I became a significant equity holder in my first startup when I was 24 years old. I joined the company a year earlier because of my excitement and respect for the founder and his vision. Five years younger than the founder I had business experience, and no advanced degree.
He was smart, hard working, full of energy and enthusiasm and destined for success. When his lips were moving, I was learning. I would have followed him anywhere.
Within a couple of years we brought on other experienced team members. They had an influence on me. I was an observer of people and how they did business. I noticed some of their beliefs were different than the founder’s.
Their beliefs focused on making us a product centered culture. Great products, fully featured and fully tested and then shipped. Our founder created a sales culture. Create a good product but sell it while in development and ship it while it is still in beta.
Being the VP in charge of everything except sales and marketing, the product centric culture suited me. It was me and my team who were deluged with customer support calls, working through many nights to fix bugs. Then we’d race to the airport with diskettes to send customers who couldn’t print their W-2’s or whatever software update they needed immediately.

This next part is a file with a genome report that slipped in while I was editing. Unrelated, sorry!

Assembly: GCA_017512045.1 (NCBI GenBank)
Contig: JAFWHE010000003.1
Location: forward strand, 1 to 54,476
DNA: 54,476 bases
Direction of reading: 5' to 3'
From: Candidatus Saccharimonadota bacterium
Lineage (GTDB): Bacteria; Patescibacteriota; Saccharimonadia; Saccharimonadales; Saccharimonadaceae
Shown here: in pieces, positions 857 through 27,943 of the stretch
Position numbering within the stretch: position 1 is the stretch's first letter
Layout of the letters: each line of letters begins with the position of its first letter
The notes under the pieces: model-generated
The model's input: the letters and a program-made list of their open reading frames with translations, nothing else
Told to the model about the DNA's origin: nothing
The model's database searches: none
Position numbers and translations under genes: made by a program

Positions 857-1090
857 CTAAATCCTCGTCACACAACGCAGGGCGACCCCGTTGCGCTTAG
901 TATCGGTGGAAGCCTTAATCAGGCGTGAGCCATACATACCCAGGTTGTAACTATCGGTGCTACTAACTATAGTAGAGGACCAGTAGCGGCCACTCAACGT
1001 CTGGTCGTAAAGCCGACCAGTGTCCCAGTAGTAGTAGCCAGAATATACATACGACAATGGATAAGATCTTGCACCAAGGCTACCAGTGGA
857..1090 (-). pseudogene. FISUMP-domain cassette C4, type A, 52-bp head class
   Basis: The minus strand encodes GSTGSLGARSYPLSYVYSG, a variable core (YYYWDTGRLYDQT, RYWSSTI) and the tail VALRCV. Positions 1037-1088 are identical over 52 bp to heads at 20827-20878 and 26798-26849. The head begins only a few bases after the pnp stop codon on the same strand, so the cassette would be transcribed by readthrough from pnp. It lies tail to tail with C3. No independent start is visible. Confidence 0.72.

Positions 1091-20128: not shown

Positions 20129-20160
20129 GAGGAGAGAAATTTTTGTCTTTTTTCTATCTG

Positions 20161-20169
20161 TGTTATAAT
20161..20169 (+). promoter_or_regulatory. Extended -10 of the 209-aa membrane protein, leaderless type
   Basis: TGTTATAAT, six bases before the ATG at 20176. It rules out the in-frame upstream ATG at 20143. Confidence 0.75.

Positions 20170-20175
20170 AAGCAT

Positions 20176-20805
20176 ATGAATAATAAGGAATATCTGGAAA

A conflict in culture at the leadership level created confusion throughout the company. All of us except the founder and the VP of Sales were trying to move the power base of the company from software sales to software development. This disagreement turned into a two week running dialogue with the founder.
Finally, the founder had enough. He called a Saturday morning meeting for the key leadership. There we were. I still remember that day. The face off came on a cold and cloudy November day. The founder sat on one side of the conference table and in a show of unity we sat on the other.
After listening to our gripes, the founder revealed a profound truth I’ll never forget. He said, “You want to know what the culture of this company is? It is me! I am the culture.” It was one of those clarifying moments in my life. I learned right then and there how a culture is established and maintained in a startup. The founder is the culture. That was the end of the meeting. That was the last time we discussed culture.
Culture sets the environment in a company. It defines how you need to behave to be successful in a company. Thus, establishing acceptable and unacceptable behavior. As the founder, you set the tone for everything from expected working hours, to whether it is okay to chat in the break room, to which business objectives have priority.
The founder’s character sets the culture in the startup. Who you are, the way you treat others and the rules you play by are the culture you define. Your move.